Child Sponsorship Charities
Here we list, link to and compare UK charities who offer child sponsorship, to help you choose the best charity for you. We explain our understanding of what happens to your money with each and whether the sponsored child benefits directly from the sponsorship. We try to give a fair and honest comparison. We are not an independent reviewer of child sponsorship charities (nor are "comparison" websites which get paid for referrals).
We feel lucky that we can use all our sponsorship income to help children. Other sponsorship models have their advantages too. We give the websites of most child sponsorship charities. If any charity listed here would rather not be please let us know. For the sake of argument we list the charities in approx order of size, measured by the number of countries they work in:
Sponsoring a Child with SOS Children
SOS Children (or SOS Children’s Villages) works in 125 countries and offer child sponsorship in over 100. This includes most of the developing world. SOS Children is primarily an orphan charity, caring for orphaned and abandoned children (Aids Orphans, Street children, war orphans, disaster orphans etc.), and preventing family break up.
Sponsorship mainly pays for providing a loving family for these children. No sponsorship income is used for UK costs. Less than a third of SOS Children’s international income is from sponsorship, and it raises much of its funds directly in the developing world. In the UK, SOS Children has a very low advertising spend and mainly spreads by “word of mouse”.
Like the idea of sponsoring a child with SOS Children? Find out more...
World Vision works in 42 countries and offers child sponsorship in many of these. World Vision is a Christian relief, development and advocacy organisation, working with children, families and communities to overcome poverty and injustice. They therefore work through communities and do not generally directly care for children. They say "World Vision unapologetically takes a community-based approach to development – a fact we publicly promote at every opportunity... while sponsored children may receive some direct benefits – like school materials or a jacket for warmth – this in no way represents the entirety of our work in a community". Thus the sponsored child gets a small gift for agreeing to be on the sponsorship programme, and funds are spent in the community. World Vision is a member of the World Evangelical Alliance. They have a high profile TV and print advertising presence in the UK.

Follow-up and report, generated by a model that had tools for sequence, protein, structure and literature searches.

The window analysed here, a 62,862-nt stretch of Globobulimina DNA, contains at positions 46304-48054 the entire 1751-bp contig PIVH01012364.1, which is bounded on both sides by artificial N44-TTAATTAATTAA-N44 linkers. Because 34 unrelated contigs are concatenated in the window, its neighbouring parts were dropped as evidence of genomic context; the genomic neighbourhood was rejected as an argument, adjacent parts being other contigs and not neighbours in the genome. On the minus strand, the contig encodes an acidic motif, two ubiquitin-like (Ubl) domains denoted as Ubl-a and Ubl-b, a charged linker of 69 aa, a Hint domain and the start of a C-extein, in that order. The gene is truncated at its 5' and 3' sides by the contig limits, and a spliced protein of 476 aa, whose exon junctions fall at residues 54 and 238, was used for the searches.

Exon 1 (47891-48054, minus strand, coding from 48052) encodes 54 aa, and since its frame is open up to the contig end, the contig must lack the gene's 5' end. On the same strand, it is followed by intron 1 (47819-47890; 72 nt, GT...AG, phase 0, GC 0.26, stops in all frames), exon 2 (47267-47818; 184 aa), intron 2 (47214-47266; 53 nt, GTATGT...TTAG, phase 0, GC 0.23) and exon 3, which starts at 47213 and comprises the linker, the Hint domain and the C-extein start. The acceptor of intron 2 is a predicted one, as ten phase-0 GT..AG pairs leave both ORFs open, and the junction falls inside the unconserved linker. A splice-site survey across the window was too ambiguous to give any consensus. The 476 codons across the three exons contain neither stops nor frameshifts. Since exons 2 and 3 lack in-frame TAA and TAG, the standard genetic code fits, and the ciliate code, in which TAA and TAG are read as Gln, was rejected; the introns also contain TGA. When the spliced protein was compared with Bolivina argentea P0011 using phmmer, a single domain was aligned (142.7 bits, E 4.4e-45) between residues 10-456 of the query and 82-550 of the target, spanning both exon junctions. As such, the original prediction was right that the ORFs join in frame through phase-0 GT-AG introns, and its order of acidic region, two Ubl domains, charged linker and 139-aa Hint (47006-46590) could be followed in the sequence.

Plan UK works in 50 countries in Africa, Asia, Europe, Central and South America. They describe themselves as a "child-centred community development organisation". Plan is one of the longest-established sponsorship charities and their approach to child sponsorship has evolved over their 70 year history. They now work with whole communities rather than individual children. Since mid-2009, for each £1 in sponsorship received, 80% is spent on projects and at least 72% is spent in the country where the child lives.
So when you sponsor a child with Plan, your money goes to community development projects in your sponsored child's country; for example, providing clean water, education, healthcare or sanitation.
Sponsoring a child with Actionaid UK
Actionaid works in 45 countries in Africa, Asia, Central and South America. They are probably the best and best-known fundraisers in the UK market. Their sponsorship model is similar to World Vision's and Plan's. However, with Actionaid, comparatively more of the funds are used for campaigning on behalf of communities. This may include lobbying governments against the prohibitive cost of state school fees or VAT on school books, which contribute to families remaining in poverty. Correspondingly, less is spent directly on the ground.